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Buckhead publisher turns writers’ dreams into reality

The author of How I Did It and several other self-published books, Vikki Jones now shares her publishing expertise with others.

STORY: H.M. Cauley

As is the case with so many industries, the world of publishing has evolved under the influence of new technologies. Now, manuscripts that might have grown dusty from the neglect of agents and traditional publishers often find their way to readers via online platforms or self-produced printings.

Yet even those approaches have become complex, and as many writers can attest, self-published books often fall short of the professional look and style their authors want. For those who find themselves in need of someone to offer editing, layout, content and marketing advice, Vikki Jones of VMH Publishing wants to fill that void.

From her Buckhead office, Jones acts as a conduit between authors and audiences, but in a way that keeps the key decisions in the hands of the creators. “People may come to me looking for a book publisher or for some self-publishing help, but most are looking for control,” says Jones. “And most people who contact us already have a strong customer base as well.”

What they don’t have is the time or skill set to self-publish alone. Jones shares the tips she’s learned from going through the process herself five times. Her last book, How I Did It: Scaling Business W/O Investors, which debuted a year ago, offers ideas on how entrepreneurs can grow their businesses.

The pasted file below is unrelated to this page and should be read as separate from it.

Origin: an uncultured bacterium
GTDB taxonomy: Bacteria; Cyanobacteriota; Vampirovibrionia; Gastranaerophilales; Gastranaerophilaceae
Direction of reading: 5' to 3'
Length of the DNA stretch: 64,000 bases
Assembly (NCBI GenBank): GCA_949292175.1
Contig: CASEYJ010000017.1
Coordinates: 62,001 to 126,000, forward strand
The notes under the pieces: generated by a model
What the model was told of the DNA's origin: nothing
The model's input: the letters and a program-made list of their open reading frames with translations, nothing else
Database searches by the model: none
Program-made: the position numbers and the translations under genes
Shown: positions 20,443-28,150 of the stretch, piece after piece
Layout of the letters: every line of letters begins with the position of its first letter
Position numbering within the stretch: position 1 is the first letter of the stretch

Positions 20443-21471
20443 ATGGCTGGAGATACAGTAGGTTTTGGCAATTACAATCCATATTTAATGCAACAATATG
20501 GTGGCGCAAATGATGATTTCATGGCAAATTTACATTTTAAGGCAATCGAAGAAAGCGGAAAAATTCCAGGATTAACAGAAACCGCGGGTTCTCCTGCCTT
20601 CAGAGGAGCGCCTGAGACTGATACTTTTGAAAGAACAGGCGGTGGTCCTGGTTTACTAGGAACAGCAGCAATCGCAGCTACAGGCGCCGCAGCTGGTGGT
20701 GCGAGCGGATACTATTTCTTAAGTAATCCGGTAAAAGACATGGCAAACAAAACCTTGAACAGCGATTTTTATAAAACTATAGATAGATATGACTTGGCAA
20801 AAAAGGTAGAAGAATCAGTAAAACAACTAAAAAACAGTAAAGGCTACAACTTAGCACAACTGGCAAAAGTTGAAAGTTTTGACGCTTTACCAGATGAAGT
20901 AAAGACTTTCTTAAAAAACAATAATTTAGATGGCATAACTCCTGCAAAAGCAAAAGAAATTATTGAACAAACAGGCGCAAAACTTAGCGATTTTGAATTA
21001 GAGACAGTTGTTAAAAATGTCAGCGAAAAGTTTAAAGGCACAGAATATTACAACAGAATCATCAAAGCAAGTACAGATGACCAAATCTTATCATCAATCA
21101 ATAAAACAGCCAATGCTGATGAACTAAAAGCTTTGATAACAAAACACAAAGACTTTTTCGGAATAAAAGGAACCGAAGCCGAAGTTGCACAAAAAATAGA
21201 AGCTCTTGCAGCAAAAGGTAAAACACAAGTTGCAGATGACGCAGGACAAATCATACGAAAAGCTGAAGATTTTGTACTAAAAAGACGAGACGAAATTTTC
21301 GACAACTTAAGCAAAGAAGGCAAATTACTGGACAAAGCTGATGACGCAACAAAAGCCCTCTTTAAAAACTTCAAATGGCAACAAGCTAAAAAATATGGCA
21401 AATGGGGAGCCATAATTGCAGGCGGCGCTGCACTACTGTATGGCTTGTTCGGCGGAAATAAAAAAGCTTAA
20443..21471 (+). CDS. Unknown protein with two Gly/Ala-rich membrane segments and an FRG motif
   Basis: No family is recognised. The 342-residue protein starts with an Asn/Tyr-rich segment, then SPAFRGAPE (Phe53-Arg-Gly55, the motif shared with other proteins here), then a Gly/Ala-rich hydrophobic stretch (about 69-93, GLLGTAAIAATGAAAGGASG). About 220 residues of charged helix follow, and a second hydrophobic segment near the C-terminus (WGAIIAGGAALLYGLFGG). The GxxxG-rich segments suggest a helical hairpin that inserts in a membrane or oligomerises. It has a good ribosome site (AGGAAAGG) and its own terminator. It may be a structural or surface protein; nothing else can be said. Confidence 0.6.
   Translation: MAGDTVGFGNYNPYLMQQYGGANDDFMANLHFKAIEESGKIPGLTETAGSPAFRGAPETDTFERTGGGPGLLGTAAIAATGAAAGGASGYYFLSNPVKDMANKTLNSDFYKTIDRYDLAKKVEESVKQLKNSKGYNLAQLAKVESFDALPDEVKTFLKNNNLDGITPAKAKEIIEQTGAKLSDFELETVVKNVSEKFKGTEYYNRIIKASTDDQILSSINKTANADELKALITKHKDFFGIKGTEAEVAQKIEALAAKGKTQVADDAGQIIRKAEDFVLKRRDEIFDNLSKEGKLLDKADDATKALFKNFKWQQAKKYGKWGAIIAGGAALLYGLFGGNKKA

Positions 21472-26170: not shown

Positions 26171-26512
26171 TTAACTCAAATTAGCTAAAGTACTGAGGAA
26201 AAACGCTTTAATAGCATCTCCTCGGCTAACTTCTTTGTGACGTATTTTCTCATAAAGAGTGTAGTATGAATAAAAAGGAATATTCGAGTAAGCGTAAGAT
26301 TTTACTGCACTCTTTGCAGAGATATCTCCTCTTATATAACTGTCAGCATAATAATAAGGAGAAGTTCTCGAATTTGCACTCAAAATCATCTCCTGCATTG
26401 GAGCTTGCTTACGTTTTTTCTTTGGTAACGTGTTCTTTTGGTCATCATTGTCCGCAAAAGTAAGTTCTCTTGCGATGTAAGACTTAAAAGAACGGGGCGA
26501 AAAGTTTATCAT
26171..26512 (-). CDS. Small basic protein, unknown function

“When I started with my first book 10 years ago, I didn’t have investors or venture capitalists behind me,” she says. “I had to learn marketing, what it took to attract folks to the company and layout. I even visited major book publishers to learn what they were doing to make their businesses stand out. I put all those practical, motivational tips into a book. I did it because I don’t want people to be discouraged.”

Jones, who has a legal background working with a personal injury firm, was close to being discouraged 13 years ago when she couldn’t find a publisher for a work she’d crafted. “I pitched my proposal and didn’t even get feedback,” she says. “I soon found that other people had written books and wanted to get them out there.”

And that’s where Jones identified a need. She launched VMH Publishing and now teams with clients to map out where they want their books to go. “I try to get them to see beyond the immediate audience, so we help with the marketing to some degree,” she says. “We’ll work on content. Maybe the title needs some tweaking. Or maybe they need a website.”

Jones also offers varying degrees of editing, layout design, printing and distribution advice, scaled from a flat fee that starts around $5,000 and goes up, depending on the services an author wants. “That base usually covers editing, layout and copyright services,” she says. “PR and marketing might range from $10,000 to $15,000 on the top side.”

So far, Jones has overseen the publication of about 80 books written by authors from around the country. While most fall into the lifestyle category—cookbooks, children’s literature, poetry—she’s not limiting the list to those genres. But she is keeping the number of books she’ll publish each year to 50. “That way,” she says, “we can really focus on the quality and content. If the content is important enough, I want to pave the way to get it out there.”

3355 Lenox Road N.E.
Atlanta 30326

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